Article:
Findings of a community survey, an ad-hoc bibliometric analysis, and expert interviews on data, process, and software modeling.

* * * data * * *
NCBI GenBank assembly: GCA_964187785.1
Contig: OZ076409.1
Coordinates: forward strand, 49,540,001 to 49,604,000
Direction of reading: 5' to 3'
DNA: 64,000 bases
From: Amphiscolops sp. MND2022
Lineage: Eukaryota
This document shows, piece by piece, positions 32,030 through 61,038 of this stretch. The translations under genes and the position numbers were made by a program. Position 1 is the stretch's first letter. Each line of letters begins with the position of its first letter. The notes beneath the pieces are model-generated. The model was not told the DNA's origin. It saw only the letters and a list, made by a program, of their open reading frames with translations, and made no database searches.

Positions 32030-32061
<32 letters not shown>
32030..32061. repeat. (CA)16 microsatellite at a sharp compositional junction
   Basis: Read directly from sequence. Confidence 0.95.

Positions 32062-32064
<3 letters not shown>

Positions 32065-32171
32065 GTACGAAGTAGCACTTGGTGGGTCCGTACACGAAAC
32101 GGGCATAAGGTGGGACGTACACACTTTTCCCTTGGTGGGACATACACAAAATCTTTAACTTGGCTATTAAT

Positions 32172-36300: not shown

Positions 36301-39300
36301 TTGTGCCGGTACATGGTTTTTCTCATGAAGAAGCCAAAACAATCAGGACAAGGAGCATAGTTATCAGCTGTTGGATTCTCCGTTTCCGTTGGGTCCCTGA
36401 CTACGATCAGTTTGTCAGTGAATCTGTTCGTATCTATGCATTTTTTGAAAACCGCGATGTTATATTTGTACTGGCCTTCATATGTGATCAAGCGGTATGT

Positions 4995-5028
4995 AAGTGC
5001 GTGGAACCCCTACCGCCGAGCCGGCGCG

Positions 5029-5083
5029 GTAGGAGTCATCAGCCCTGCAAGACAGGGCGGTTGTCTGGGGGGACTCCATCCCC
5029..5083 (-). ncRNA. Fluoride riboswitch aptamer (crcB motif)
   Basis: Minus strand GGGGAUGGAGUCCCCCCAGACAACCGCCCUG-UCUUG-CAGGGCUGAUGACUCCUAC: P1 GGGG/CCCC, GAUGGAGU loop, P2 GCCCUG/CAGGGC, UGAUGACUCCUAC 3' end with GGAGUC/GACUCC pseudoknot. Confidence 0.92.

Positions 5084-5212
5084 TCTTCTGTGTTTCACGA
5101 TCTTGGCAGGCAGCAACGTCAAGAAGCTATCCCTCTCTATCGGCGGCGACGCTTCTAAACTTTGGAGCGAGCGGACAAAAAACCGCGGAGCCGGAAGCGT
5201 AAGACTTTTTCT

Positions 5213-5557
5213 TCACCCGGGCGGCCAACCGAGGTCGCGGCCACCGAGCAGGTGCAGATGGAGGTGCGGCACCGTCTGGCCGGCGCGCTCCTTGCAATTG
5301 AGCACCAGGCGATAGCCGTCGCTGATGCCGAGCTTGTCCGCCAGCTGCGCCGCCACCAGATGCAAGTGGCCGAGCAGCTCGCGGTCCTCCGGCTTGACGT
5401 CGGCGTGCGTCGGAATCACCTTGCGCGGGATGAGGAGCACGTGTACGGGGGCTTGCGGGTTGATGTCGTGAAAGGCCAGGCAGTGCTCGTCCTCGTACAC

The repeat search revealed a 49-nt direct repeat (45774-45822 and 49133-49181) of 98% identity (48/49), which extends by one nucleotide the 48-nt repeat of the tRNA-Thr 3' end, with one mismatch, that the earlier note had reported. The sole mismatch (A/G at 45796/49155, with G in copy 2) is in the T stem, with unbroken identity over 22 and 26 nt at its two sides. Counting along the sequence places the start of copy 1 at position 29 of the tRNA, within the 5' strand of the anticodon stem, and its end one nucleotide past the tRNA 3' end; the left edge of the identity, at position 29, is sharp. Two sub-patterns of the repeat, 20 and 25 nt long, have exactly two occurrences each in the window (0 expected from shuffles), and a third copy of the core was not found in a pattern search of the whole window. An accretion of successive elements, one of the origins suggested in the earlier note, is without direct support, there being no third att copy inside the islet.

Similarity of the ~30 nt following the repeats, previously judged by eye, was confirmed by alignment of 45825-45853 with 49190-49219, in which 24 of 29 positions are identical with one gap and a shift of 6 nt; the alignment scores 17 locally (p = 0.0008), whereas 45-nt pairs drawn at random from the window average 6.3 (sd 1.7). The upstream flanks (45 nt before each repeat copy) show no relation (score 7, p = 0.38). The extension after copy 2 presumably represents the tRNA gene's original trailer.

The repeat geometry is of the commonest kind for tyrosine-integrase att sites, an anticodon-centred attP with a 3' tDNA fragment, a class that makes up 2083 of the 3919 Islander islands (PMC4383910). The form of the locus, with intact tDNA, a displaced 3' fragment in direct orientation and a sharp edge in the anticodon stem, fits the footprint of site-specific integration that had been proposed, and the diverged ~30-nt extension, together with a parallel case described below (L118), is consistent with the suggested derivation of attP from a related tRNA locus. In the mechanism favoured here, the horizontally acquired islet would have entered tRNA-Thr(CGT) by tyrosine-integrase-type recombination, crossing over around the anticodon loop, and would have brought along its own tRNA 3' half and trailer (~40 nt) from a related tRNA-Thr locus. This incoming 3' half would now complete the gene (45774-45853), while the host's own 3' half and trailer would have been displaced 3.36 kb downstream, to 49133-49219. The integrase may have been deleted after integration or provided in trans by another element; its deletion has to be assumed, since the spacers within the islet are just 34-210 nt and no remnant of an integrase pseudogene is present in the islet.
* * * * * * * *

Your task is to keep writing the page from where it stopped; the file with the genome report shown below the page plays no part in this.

Models are the key tools humans use to manage complexity in description, development, and analysis. This applies to all scientific and engineering disciplines and in particular to the development of software and data-intensive systems. However, different methods and terminologies have become established in the individual disciplines, even in the sub-fields of Informatics, which raises the need for a comprehensive and cross-sectional analysis of the past, present, and future of modeling research. This paper aims to shed some light on how different modeling disciplines emerged and what characterizes them with a discussion of the potential toward a common modeling future. It focuses on the areas of software, data, and process modeling and reports on an analysis of the research approaches, goals, and visions pursued in each, as well as the methods used. This analysis is based on the results of a survey conducted in the communities concerned, on a bibliometric study, and on interviews with a prominent representative of each of these communities. The paper discusses the different viewpoints of the communities, their commonalities and differences, and identifies possible starting points for further collaboration. It further discusses current challenges for the communities in general and modeling as a research topic in particular and highlights visions for the future.